Vedukkunaari Malai Archaeological Site

Vedukkunaari Malai Archaeological Site is situated in the woods of Paalamotai Nainamadu Forest Reserve in Olumadu near Nedunkeni in Vavuniya District,
Vedukkunari Malai Archaeological Site

Vedukkunaari Malai Archaeological Site, also known as Vaddamana Parwatha Viharaya or Vaddamana Pabbatha Viharya (Sinhala: වඩ්ඩමාන පබ්බත පුරාවිද්‍යා ස්ථානය), is situated in the woods of Paalamotai Nainamadu Forest Reserve in Olumadu near Nedunkeni in Vavuniya District, Sri Lanka.


The small hill site consists of the ruins of an ancient Buddhist monastery belonging to the Anuradhapura Period. There are about a dozen caves with cut drip ledges and all are of very rough workmanship (Bell, 1905). No inscriptions are on the hill, but three Early Brahmi Inscriptions of the period between the 3rd century B.C.-1st century A.D. were discovered in two large caves located 100 yards to the north and they record the donation of the caves to the community of Buddhist monks (Sangha) who were present and absent (Bell, 1905; Medhananda, 2003; Paranavitana, 1970).

Period: 3rd century B.C.-1st century A.D.                   Script: Early Brahmi                  Language: Old Sinhala
I) Transcription: Maha-Shamuda-puta-Gutasha lene shagasha Parumaka-Bamadata-putaha Mahaguta[ha] lene
Translation: The cave of Gutta, son of Maha-Samudda, [is given] to the Sangha. The cave of Maha-Gutta, son of chief Brahmadatta.
II) Transcription: Bata-Cudi-Tishaha lene
Translation: The cave of lord Cula-Tissa.
III) Transcription: Parumaka-Pushamita-puta[ha] mahalene agata-anagata-cadu-[disha]-shagasha
Translation: The great cave of the son of the chief Phussamitta, [is given] to the Sangha of the four quarters, present and absent.
Citation: Paranavitana, 1970. p.27.

Ancient Buddhist Monastery Ruins 

There are small boulders at the foot of the hill on the east and several rock-cut socket holes to hold wooden pillars are found on them (Bell, 1905). Just above this, on the track up the hill, there is a slab with a cut cistern in it (Bell, 1905). The rock beneath which the caves are holloed is the highest in the group and it rises to about 50 ft. from the ground level (Bell, 1905). The brick debris on the top of it shows that there was a Dagoba (Bell, 1905).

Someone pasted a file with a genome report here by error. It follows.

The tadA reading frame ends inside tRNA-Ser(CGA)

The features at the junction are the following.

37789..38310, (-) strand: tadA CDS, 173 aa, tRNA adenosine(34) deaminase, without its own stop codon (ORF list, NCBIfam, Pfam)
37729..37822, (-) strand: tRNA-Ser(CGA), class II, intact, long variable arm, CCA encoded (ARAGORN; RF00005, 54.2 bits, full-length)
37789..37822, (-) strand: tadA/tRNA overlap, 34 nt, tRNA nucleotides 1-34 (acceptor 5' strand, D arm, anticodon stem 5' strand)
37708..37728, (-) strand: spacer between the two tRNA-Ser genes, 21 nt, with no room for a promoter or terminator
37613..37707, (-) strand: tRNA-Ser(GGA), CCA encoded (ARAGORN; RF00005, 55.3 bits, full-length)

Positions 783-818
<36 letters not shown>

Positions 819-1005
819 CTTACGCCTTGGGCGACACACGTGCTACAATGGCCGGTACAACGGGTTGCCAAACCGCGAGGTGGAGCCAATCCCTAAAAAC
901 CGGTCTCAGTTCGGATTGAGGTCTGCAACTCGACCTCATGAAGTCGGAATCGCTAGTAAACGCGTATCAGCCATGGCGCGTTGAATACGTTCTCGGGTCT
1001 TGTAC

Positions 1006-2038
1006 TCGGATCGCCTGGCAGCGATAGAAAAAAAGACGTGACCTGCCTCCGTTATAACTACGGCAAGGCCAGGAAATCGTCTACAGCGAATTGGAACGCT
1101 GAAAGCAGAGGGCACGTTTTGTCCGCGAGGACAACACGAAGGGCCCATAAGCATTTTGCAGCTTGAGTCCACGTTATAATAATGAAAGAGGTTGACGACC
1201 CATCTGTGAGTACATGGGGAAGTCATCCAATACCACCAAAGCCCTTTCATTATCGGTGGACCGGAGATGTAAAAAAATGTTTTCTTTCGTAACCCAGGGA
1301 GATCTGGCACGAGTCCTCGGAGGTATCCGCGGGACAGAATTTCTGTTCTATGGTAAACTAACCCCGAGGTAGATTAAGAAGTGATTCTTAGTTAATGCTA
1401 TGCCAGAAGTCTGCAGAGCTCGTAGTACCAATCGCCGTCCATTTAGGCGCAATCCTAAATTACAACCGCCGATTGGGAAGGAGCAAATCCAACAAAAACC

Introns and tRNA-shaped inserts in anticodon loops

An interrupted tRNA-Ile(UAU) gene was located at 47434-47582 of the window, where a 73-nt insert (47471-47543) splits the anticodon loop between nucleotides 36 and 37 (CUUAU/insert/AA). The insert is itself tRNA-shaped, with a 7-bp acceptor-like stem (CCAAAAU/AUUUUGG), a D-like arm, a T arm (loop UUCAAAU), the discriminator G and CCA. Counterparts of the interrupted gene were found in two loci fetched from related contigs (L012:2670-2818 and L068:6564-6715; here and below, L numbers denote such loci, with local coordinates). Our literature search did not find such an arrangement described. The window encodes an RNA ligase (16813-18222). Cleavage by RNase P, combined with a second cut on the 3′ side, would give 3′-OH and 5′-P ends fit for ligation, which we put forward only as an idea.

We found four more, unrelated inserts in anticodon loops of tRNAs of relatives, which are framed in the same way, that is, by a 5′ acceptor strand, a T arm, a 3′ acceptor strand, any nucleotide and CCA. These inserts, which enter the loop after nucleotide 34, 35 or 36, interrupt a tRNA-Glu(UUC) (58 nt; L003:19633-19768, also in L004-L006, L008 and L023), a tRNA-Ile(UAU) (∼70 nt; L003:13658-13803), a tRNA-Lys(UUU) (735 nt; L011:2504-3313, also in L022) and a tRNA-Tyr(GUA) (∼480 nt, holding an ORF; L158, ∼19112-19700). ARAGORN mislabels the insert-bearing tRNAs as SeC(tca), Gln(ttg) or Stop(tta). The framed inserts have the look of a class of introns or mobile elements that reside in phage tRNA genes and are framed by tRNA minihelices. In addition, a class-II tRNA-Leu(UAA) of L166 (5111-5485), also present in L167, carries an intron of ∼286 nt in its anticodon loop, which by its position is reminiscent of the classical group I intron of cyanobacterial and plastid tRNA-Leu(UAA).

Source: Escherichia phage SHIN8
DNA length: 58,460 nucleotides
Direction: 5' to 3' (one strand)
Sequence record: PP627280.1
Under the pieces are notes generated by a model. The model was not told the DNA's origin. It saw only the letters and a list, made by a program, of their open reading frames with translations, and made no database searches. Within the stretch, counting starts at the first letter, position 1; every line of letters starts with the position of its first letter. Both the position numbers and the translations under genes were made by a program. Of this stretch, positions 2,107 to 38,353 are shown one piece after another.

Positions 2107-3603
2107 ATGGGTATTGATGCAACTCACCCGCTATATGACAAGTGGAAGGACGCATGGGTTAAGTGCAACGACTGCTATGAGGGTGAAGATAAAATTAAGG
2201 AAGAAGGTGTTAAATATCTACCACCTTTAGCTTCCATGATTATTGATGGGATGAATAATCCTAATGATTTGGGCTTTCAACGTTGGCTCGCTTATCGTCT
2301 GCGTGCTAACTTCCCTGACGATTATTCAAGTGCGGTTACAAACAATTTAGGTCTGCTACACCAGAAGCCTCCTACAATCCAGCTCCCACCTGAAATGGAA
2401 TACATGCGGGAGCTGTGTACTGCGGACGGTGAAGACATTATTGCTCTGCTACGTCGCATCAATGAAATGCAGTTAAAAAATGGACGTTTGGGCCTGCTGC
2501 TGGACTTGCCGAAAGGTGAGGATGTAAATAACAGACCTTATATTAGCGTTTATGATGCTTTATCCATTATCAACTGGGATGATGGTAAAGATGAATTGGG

Medhananda Thera who visited Vedukkunaari Malai in 1964 and 1973 also records three inscriptions and the Buddhist ruins scattered at the site (Medhananda, 2003). He mentioned about two ruined Dagobas at the site which were destroyed by the vandals who had searched for treasures in their domes (Medhananda, 2003). According to Medhananda Thera, one Dagoba was 11 ft. in height with a circumference of 46 ft. and the other was 21 ft. in circumference and 6 ft. in height (Medhananda, 2003). He further mentions that he observed a Siri Pathul Gala (a carved footprint of the Buddha) at the site during his visit in 1964 but it was missing when he came to visit the site in 1973 (Medhananda, 2003).


The site during the Sri Lankan Civil War (1983-2009)

The Vedukkunaari Malai archaeological site is situated in the middle of a thick jungle and the area was not accessible for archaeologists or devotees since the 1980s due to the presence of the cadres of LTTE (Liberation Tigers of Tamil Eelam), a militant group designated as a terrorist organization by several countries including Sri Lanka, India, the USA and the EU. After the LTTE was defeated by government forces in 2009, the site was again accessible to visitors.

Re-identification of the site

The place was rediscovered and re-identified by the Department of Archaeology after 2009.

Constructing a modern Hindu shrine: Vedukunaarimalai Aathilingeswarar Temple

After the civil war, the site came to the attention of local people who later established a small place of worship there, by installing some Hindu idols such as images, tridents and Siva Lingas over the ancient ruins. This resulted in some damage to the archaeological site as the Hindu devotees started to alter the original context of the site by removing and dismantling the bricks of the ancient monuments including the ruined Dagoba on the top of the hill where they installed a Siva Linga. The forest around the drip-ledged caves was also cleared by them.

Unrest arose in 2018 when Buddhist parties started to claim the site as a part of their heritage. The Archaeological Department, according to their regulations, stopped the activities of Hindu devotees to cease further damage to the site by reporting the situation to the Nadunkeni Police Station. Also, a written request by the Vavuniya North Divisional Secretary to build a new Hindu shrine near the ruined site was rejected by the Department.


However, with the patronage of local politicians and ignoring the legal status of an archaeological site, local devotees carried out their religious activities there since 2018 altering and damaging the original context of the ruined site. The drip-ledged caves which are found as a common feature of every ancient Buddhist monastery around the country were converted into the shelters of the Hindu idols. In April 2023, the dilapidated Dagoba mound on the top of the hill was flattened by locals to set up a Siva Linga.


1) Bell, H.C,P,. 1905. Annual Report. Archeological Survey of Ceylon: North-Central, Central and Northern Provinces. pp.31-32,49.
2) Medhananda, E., 2003. Pacheena passa - Uttara passa: Negenahira palata ha uturu palate Sinhala bauddha urumaya (In Sinhala). Dayawansa Jayakody & Company. Colombo. ISBN: 978-955-686-112-9. pp.409-412.
3) Paranavitana, S., 1970. Inscriptions of Ceylon: Volume I: Early Brahmi Inscriptions. Department of Archaeology Ceylon. p.29.

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This page was last updated on 3 April 2023

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